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Can We Rely on Patients' Reports of Adverse Events?

Zhu, Junya MS, MA*,†; Stuver, Sherri O. ScD*; Epstein, Arnold M. MD, MA‡,§; Schneider, Eric C. MD, MS‡,§,∥; Weissman, Joel S. PhD‡,¶,♯; Weingart, Saul N. MD, PhD*

doi: 10.1097/MLR.0b013e31822047a8
Original Articles

Background Evidence suggests that patients can report a variety of adverse events (AEs) not captured by traditional methods such as a chart review. Little is known, however, about whether patient reports are useful for measuring patient safety.

Objectives To examine the degree to which physician reviewers agreed that patient reports of “negative effects” constituted AEs, and to identify questionnaire items that affected reviewers' judgments.

Methods We surveyed patients discharged from Massachusetts hospitals in 2003 to elicit information about negative effects associated with hospitalization. Physician reviewers judged whether patient-reported negative effects represented AEs, and classified the severity of the event. Likelihood ratios were calculated to assess whether patient responses to questionnaire items affected reviewers' judgments.

Results Of the 2582 patients surveyed, 753 patients reported 1170 negative effects, and 71.2% of these effects were classified as AEs by physician reviewers. Negative effects most likely to be classified as AEs involved newly prescribed medications and changes to previously prescribed medications. Additional information elicited from follow-up survey questions modestly affected reviewers' classification of serious AEs. Negative effects reported by women, younger patients, those reporting better health status, and those not admitted through the emergency department were more likely to be classified as AEs.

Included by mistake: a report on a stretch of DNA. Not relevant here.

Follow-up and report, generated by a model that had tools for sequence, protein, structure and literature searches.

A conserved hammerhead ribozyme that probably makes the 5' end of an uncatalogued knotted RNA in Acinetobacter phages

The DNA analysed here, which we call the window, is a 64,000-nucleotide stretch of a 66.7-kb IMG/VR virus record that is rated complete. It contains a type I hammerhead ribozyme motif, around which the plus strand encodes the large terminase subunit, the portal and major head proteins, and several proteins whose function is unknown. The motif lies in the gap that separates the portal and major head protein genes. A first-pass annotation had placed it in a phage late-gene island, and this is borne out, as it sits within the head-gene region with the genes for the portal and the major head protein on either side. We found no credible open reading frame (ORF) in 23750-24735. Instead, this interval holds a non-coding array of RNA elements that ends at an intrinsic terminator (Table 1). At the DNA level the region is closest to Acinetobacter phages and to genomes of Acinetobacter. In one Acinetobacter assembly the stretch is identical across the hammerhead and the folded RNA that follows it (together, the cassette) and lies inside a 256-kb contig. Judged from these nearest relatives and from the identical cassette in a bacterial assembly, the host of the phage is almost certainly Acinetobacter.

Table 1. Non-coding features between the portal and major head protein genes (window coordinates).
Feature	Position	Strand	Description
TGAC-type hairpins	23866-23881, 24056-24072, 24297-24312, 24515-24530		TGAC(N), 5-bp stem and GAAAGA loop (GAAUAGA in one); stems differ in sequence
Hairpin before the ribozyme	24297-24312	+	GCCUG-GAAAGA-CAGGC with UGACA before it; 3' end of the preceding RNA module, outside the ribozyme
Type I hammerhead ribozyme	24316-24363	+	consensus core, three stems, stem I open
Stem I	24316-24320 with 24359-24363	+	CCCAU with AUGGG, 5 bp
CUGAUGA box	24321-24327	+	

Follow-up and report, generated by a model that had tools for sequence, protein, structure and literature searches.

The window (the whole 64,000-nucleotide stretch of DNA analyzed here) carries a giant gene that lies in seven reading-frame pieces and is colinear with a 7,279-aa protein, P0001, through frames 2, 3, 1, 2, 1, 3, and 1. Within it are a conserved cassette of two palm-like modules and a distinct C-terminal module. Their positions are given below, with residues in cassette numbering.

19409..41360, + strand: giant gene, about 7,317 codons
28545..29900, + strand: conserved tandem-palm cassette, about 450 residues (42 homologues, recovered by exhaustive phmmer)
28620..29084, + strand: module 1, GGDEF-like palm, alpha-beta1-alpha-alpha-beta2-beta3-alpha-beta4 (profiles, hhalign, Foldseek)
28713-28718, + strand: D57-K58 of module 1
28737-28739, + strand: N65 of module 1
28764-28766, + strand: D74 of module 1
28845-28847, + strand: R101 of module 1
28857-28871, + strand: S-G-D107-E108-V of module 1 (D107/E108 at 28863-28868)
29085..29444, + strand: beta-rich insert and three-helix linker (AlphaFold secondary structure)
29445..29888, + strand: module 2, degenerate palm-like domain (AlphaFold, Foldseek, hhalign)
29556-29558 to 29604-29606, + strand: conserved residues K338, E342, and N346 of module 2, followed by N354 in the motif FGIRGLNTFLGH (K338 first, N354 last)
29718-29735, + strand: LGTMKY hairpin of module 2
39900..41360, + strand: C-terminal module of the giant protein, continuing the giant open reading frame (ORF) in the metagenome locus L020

Conclusions Many patients were able to identify care-related AEs. Patient responses to questions about the sequelae of the events provided limited additional information for physicians to use in gauging the presence and severity of the event. Patient reports complement other incident-detection methods by providing information that is credible and unavailable from other sources.

*Center for Patient Safety, Dana-Farber Cancer Institute

The Heller School for Social Policy and Management, Brandeis University

Department of Health Policy and Management, Harvard School of Public Health

§Division of General Medicine and Primary Care, Brigham and Women's Hospital

RAND Boston

Institute for Health Policy, Massachusetts General Hospital

Department of Health Care Policy, Harvard Medical School

Supported by a Cooperative Agreement from the Agency for Healthcare Research and Quality to the Massachusetts Department of Public Health [U18 HS11928], and the Center for Patient Safety at Dana-Farber Cancer Institute.

The authors thank the anonymous reviewers for their insightful and constructive comments.

The authors declare no conflicts of interest.

Reprints: Junya Zhu, MS, MA, Center for Patient Safety, Dana-Farber Cancer Institute, 450 Brookline Avenue, Boston, MA, 02215-5450. e-mail:

© 2011 Lippincott Williams & Wilkins, Inc.